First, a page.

Aided by its two lead performances, Ali Abbasi’s Holy Spider is a brutal, chilling thriller that is full of righteous anger at Iran’s system of misogyny.
Holy Spider, the new film from Iranian-born, Danish-based director Ali Abbasi (Border), draws heavily on a series of murders that rocked Iran at the start of the millennium. It is inspired by the story of the ‘Spider Killer’ Saeed Hanaei, who killed 16 women between 2000 and 2001. His targets were prostitutes in the middle of the holy city of Mashhad, with Hanaei saying he was doing God’s work in cleaning the streets of filth. As Holy Spider begins, Saeed (Mehdi Bajestani) is on his 9th victim. He may be a construction worker and devoted father to a son and two daughters, but that contrasts with what he does at night. Touring the streets on his motorbike, he lures his victims to his home and strangles them with their headscarves before dumping their bodies on a remote road.
Meanwhile, a female journalist named Rahimi (Zar Amir Ebrahimi, who won Best Actress at Cannes) has arrived in the city to investigate these killings. She was fired recently from her old job after accusing her boss of sexual harassment. It is a scandal brought up by those in power more than once. Her partner is fellow reporter Sharifi (Arash Ashtiani), who has received phone calls from Saeed saying that he is “waging a war against vice.” When Rahimi’s determination to catch the ‘Spider Killer’ is met with apathy from the relevant authorities, she resorts to a sting operation to try and find him. But even after Saeed is caught, the search for justice is complicated by those who see him as a hero.
Holy Spider may be a journalism-based crime thriller about a serial killer, similar to David Fincher’s Zodiac. However, this is not a film about who or why he did it; Saeed’s identity and intentions are immediately made clear to the audience. Nor is it about how he was caught. Instead, Holy Spider is a film about how he managed to commit these murders for as long as he did. It all ties in with Abbasi and co-scriptwriter Afshin Kamran Bahrami’s goal, which is to highlight the misogyny and treatment of women in Iranian society. When she initially arrives in Mashhad, Rahimi cannot get a hotel room because she isn’t married. The clerk claims there is an error in the system – although that error quickly disappears when Rahimi reveals she’s a journalist. Then, once she starts investigating the ‘Spider Killer,’ she sees more bodies and a lack of concern from the police and judges.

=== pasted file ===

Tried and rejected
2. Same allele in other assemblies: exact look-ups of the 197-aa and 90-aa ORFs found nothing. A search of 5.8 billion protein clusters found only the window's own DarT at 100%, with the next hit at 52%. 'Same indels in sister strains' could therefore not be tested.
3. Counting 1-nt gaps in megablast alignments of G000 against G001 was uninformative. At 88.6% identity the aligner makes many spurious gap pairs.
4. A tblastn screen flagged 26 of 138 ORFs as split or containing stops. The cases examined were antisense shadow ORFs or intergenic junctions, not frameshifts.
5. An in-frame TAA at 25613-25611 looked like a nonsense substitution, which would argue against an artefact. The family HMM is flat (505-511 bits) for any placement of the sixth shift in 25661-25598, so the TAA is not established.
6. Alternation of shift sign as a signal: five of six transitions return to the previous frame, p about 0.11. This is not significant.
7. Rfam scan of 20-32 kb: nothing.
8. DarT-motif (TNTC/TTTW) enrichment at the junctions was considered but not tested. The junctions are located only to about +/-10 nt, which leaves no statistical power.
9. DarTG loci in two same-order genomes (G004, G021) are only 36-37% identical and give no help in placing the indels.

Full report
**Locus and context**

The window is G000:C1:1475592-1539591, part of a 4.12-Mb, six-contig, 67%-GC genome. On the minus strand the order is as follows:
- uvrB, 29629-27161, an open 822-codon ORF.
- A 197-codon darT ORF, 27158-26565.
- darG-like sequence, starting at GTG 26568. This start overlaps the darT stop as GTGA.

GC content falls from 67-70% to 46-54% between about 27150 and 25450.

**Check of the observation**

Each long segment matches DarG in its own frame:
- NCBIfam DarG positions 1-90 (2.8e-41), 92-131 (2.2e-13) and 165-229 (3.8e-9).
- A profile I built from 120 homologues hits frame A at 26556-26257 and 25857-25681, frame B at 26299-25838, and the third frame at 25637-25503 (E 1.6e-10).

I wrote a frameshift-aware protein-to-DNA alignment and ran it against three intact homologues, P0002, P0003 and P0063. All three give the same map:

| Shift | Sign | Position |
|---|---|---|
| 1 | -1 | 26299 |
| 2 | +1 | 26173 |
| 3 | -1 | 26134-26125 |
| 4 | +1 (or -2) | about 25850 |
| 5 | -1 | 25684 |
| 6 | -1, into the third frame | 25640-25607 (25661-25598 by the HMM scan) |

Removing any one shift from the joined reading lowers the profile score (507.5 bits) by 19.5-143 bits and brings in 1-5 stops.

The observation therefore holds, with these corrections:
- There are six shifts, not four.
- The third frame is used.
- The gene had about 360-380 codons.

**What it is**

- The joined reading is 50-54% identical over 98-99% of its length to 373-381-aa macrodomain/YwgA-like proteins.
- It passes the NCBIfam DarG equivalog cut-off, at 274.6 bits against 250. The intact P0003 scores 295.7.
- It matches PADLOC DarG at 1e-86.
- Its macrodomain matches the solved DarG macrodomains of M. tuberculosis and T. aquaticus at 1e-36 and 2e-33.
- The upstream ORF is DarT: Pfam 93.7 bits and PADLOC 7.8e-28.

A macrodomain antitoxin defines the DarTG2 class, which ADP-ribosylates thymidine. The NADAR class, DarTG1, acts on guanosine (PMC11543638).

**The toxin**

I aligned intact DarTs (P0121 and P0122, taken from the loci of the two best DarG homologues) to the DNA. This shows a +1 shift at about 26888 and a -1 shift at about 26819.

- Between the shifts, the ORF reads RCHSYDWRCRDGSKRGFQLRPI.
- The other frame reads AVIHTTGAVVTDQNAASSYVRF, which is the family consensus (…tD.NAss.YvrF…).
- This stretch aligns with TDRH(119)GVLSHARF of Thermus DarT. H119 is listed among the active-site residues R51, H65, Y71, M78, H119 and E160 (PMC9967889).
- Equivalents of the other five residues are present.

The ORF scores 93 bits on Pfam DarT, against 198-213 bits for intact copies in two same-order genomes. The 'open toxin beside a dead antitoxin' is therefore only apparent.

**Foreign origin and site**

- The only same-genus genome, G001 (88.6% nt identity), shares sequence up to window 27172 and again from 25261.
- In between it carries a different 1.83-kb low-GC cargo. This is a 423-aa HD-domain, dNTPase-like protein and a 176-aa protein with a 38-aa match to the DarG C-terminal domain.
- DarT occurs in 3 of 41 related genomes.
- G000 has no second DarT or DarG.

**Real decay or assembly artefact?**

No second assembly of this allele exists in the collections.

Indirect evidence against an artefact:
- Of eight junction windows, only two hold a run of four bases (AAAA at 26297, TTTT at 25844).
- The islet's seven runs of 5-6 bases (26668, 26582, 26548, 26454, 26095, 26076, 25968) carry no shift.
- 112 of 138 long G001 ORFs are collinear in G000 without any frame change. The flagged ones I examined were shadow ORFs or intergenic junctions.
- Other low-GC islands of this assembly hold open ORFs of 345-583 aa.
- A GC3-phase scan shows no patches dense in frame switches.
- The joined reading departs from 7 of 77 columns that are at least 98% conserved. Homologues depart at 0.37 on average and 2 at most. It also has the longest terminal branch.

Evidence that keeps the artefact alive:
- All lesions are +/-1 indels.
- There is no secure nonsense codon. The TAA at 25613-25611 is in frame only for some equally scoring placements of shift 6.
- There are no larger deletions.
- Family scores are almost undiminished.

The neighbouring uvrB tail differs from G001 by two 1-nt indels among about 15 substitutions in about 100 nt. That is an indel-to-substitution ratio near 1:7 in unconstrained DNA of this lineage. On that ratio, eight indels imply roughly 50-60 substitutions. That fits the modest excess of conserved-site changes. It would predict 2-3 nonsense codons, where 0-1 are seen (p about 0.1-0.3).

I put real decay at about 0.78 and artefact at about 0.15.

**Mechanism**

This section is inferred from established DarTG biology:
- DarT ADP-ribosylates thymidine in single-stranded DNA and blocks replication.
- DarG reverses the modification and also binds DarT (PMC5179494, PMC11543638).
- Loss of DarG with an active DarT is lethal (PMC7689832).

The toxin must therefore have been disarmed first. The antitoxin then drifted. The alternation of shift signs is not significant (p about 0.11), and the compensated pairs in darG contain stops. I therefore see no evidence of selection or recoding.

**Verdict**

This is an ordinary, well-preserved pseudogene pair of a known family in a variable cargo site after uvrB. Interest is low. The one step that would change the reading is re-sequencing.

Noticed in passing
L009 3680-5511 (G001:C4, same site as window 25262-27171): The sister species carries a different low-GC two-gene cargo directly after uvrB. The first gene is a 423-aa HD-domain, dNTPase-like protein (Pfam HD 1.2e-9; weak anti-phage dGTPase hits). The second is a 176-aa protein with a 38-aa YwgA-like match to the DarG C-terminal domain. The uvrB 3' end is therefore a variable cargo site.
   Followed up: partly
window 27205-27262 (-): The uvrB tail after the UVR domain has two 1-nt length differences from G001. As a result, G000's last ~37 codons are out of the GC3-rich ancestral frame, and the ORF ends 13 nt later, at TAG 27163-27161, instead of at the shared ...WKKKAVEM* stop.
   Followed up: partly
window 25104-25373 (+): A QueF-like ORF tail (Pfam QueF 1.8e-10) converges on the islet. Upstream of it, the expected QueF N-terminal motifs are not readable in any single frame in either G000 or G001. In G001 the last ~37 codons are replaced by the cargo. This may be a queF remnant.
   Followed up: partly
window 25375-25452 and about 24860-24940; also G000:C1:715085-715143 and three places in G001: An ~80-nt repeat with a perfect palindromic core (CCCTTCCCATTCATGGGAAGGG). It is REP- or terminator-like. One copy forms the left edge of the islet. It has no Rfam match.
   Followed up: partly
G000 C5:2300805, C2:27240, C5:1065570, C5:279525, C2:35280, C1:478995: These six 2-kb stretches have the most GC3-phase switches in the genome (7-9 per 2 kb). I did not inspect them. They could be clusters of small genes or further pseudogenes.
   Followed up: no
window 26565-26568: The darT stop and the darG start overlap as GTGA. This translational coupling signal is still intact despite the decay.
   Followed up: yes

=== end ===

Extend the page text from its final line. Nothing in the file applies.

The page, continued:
Obviously, a film like this would never be approved by Iran. Hence the reason Holy Spider was shot outside the country (with Amman, Jordan standing in for Mashhad) and with European funding. That outsider feel continues with the actress playing Rahimi. Zar Amir Ebrahimi was a notable TV actor in Iran until a scandal forced her to flee the country. The casting director until the original actress dropped out, Ebrahimi’s remarkable turn is full of emotion and ferocious contempt. Meanwhile, Mehdi Bajestani gives an impressive performance as Saeed. His character is an Iran-Iraq War veteran of the 1980s who rues not becoming a martyr on the frontline. And in ‘the place of martyrs’ (the literal translation of Mashhad), he will carry out what he feels is his religious duty. His ordinary, banal family life only adds to how terrifying he is as Bajestani flows between the two sides of Saeed.
There is a fine line between a film depicting misogynistic acts of violence and being misogynistic. The main problem with Holy Spider is that Abbasi fails to find a proper balance between them. Saeed’s kills are captured in graphic, gruesome detail – reinforced by sound design that cracks and snaps and places you right in the middle of these heinous crimes. But whilst the film is never on the killer’s side, those scenes end up veering towards exploitation. It doesn’t help that the impact on the victim’s families isn’t examined, bar a few short scenes. However, there is at least an attempt to humanise the victims. Plus, it leads to a final act that contains no murders but is the most disturbing part of this true story. As Saeed goes on trial and a groundswell of support forms, the film shows how this moralistic society can turn and blame the victims rather than the perpetrator.
Holy Spider is a brutal, chilling thriller full of disbelief and righteous anger. The central performances from Ebrahimi and Bajestani are full of verisimilitude, the terrific cinematography from Nadim Carlsen uses shaky handheld camerawork and disconcerting close-ups, and Martin Dirkov’s haunting score enforces the shadowy underbelly of Mashhad. But most importantly, Ali Abbasi successfully places us in a position of outrage against this system of misogyny. A system where mothers, daughters and expectant mothers are killed and then painted by society as worthless. That is perfectly demonstrated with the ending – a cold recount of Saeed’s murders from a shocking source, highlighting how misogynistic values are passed between generations.
Holy Spider premiered at the 2022 BFI London Film Festival on October 8, 2022, and will be released theatrically in the US on October 28, in the UK & Ireland on January 20, 2023, and on MUBI from March 10. The film is Denmark’s official submission for the 95th Academy Awards.